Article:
Notions of nation


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Notions of Nation
Gandhi's Composite Vision of India

Anil Nauriya

(The author of the following piece is a well known progressive Gandhian and a Supreme Court lawyer. The reference in the opening paragraph is to the 'liberalist' correctness of some intellectuals who denounced a recent governemental ban on the performance of a Marathi play with strong fascist overtones. This ban was won after a bitter struggle by the democratic opinion against a most unwilling central governement ruled by BJP-combine and an adamant stand in favour of the play by the ruling Shiv Sena-BJP combine in Maharashtra.)

It is difficult to share the certitude of those who have been opposing as "nonsense" a ban on the play glorifying Gandhi's assassin. Liberal opinion, or what passes for it, h

as tended to invoke freedom of expression to compare the restrictions, illusory as they maybe, with Mr. M F Hussain's recent unpleasant experiences. This comparison is erroneous Mr. Hussain's paintings did not preach violence or the politics of assassination.

If there were a play which sought to justify Adolf Hitler and to 'give his perspective' on why it became 'necessary' to eliminate millions of Jews, or a play justifying the anti-Sikh pogrom in Delhi in 1984, would this also now be justified as an exercise of freedom of expression? The glorification of the sati incident in Rajasthan was rightly interdicted by an ordinance; also the local public demonstration in support of the Bhagalpur blindings -- on the ground that those blinded were criminals -- was condemned by civil society.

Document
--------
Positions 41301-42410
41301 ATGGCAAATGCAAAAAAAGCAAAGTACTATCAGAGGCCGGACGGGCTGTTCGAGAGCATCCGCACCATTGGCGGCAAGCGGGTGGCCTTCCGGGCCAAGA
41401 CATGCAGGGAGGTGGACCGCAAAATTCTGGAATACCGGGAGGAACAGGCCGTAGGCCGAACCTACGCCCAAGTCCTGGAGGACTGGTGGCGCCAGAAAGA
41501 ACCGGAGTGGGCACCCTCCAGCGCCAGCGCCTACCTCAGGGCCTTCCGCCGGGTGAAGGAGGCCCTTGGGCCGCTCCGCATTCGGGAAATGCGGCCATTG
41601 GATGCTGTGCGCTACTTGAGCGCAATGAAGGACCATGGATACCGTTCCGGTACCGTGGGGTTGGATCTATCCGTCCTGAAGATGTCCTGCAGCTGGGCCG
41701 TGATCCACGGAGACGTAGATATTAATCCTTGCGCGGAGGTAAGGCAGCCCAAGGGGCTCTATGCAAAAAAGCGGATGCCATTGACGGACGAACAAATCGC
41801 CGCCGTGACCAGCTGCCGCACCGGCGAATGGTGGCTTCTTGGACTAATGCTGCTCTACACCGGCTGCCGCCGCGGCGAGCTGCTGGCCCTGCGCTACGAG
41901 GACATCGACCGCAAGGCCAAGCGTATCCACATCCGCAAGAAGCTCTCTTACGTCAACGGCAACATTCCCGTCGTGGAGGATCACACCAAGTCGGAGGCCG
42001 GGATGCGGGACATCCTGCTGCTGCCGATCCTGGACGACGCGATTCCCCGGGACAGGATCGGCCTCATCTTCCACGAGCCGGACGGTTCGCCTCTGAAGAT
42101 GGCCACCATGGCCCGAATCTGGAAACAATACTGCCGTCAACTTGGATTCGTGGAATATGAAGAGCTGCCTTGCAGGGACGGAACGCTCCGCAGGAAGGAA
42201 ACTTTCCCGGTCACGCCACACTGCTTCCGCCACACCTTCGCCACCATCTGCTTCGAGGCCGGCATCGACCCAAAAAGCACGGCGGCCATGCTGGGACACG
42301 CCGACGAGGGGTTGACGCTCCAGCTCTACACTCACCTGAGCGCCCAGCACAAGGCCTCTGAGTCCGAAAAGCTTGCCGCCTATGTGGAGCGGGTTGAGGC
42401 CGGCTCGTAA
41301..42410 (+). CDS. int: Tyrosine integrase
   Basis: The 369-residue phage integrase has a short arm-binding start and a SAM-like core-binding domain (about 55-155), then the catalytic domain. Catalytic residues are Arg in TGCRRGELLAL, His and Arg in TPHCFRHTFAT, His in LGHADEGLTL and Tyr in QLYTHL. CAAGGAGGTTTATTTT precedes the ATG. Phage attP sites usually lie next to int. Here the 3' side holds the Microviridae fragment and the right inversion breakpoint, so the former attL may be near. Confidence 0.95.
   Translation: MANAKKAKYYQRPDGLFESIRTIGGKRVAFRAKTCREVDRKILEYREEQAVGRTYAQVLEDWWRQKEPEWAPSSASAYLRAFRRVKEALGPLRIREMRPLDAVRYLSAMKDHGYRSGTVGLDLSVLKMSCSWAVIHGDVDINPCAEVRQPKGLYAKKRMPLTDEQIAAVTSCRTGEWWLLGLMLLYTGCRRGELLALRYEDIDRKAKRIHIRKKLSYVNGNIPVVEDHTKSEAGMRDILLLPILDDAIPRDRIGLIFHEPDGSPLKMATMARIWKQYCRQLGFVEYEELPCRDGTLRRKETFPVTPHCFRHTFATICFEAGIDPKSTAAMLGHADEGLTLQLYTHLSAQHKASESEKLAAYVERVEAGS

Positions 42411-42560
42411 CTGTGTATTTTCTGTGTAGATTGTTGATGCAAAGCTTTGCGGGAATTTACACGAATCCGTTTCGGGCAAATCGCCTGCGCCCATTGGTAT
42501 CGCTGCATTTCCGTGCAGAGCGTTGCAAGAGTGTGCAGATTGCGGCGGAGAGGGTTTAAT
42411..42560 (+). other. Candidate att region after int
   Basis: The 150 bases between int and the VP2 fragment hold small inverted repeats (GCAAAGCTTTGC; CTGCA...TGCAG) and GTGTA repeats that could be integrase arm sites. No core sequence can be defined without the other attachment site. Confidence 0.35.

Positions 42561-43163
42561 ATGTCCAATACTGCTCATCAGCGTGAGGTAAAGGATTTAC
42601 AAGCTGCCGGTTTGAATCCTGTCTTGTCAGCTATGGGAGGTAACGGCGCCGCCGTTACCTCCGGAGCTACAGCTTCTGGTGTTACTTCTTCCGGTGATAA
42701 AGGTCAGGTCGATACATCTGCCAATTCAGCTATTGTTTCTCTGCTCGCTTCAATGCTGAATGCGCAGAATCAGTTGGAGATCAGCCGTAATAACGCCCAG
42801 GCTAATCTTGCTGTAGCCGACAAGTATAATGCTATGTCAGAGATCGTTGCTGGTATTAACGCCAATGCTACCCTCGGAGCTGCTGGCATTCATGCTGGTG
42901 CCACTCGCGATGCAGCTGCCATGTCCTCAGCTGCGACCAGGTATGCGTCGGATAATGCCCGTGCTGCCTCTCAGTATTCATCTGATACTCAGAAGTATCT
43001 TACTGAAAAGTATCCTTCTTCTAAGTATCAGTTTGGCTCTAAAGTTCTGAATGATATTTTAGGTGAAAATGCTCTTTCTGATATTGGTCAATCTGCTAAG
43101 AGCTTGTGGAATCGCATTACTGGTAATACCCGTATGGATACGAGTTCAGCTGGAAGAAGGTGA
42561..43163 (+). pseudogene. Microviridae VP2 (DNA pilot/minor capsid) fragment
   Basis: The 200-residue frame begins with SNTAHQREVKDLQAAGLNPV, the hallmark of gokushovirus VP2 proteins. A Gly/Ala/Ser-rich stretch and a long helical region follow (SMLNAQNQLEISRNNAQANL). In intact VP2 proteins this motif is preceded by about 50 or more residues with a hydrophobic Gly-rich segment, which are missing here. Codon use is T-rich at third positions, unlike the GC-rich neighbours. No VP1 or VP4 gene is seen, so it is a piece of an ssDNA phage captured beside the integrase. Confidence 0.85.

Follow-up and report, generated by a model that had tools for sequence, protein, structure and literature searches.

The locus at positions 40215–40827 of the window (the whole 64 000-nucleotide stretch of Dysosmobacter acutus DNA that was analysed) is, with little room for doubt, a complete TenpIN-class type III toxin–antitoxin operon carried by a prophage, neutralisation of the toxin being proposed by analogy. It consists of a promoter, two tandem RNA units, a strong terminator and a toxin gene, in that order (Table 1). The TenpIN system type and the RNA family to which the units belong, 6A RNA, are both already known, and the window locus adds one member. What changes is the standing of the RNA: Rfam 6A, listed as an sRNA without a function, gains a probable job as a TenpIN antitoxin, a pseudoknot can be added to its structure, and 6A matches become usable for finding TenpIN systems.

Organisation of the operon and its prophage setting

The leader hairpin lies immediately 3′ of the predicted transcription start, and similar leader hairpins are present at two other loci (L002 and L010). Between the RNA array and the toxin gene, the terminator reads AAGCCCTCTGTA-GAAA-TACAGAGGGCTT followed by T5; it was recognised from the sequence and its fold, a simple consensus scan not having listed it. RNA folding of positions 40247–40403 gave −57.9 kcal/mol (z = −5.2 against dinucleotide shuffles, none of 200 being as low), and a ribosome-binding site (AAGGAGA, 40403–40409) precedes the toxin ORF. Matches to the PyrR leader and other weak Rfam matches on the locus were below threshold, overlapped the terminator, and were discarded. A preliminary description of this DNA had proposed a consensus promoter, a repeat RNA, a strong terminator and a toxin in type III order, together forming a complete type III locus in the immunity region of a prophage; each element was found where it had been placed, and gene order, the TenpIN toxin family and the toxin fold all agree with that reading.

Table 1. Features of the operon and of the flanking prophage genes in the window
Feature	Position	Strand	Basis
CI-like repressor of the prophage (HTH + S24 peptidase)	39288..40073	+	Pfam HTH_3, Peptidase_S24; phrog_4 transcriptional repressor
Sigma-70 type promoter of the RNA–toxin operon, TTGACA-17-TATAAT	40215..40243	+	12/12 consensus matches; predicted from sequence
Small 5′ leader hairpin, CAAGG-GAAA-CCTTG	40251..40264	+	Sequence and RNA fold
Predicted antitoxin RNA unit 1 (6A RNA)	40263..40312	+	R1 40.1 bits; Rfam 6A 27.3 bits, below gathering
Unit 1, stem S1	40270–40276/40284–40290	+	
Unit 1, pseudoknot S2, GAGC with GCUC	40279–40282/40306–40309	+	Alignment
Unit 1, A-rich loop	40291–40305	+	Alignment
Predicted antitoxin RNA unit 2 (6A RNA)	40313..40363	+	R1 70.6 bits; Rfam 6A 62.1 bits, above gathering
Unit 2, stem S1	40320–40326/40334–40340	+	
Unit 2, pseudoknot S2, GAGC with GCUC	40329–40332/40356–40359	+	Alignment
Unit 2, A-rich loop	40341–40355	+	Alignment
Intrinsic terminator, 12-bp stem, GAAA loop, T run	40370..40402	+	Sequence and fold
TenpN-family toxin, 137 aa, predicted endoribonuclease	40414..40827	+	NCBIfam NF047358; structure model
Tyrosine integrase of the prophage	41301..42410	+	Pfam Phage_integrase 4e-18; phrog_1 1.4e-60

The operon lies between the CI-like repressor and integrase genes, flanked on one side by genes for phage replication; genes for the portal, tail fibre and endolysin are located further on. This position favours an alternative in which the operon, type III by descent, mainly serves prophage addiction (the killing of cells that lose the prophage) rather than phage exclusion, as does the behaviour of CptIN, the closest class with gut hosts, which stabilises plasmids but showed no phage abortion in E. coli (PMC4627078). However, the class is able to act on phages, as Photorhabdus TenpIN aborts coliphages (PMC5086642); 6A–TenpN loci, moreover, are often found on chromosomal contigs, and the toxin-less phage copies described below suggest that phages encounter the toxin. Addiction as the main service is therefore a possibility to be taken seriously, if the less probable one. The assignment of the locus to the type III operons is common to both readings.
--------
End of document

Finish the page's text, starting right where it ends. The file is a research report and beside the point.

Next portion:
Rude Shock

That a columnist of Harijan and former editor of that paper and of Young India should be shot dead by the editor of Hindu Rashtra was an extraordinary way to settle a political argument. Imagine an editor today killing another editor and a play justifying that killing being bruited about as an exercise of the freedom of expression. The matter is therefore, not as simple as has been made out. After all, what must a play contain before its performance may be validly restricted as a permissible 'reason-able restriction' on freedom of expression as envisaged by the Constitution?

One can, however, be more open to a position which, while admitting that the play deserves a legal ban, asserts that the misinformation contained in it needs to be tackled politically. The play is supposedly based on the statement, which the convicted murderer made in the course of his trial. That statement is a tissue of suppressio veri suggestio falsi. The role played by the Hindu Mahasabha at each stage from 1928 onwards in complicating settlement of the communal problem is throughout sup-pressed from the statement. Nor does Gandhi's assassin mention the fact that the two- nation idea was propounded by Savarkar in the presidential speech from the Hindu Mahasabha platform in December 1939.

In this speech, Savarkar attacked the territorial concept of nation: "This conception has...received a rude shock in Europe itself from which it was imported wholesale to India and the present war has justified my assertion by exploding the myth altogether"...Instead he propounded the alternative conception that "...we Hindus are marked out as an abiding Nation by ourselves". (Indian Annual Register I 939, Vol. II, p. 317).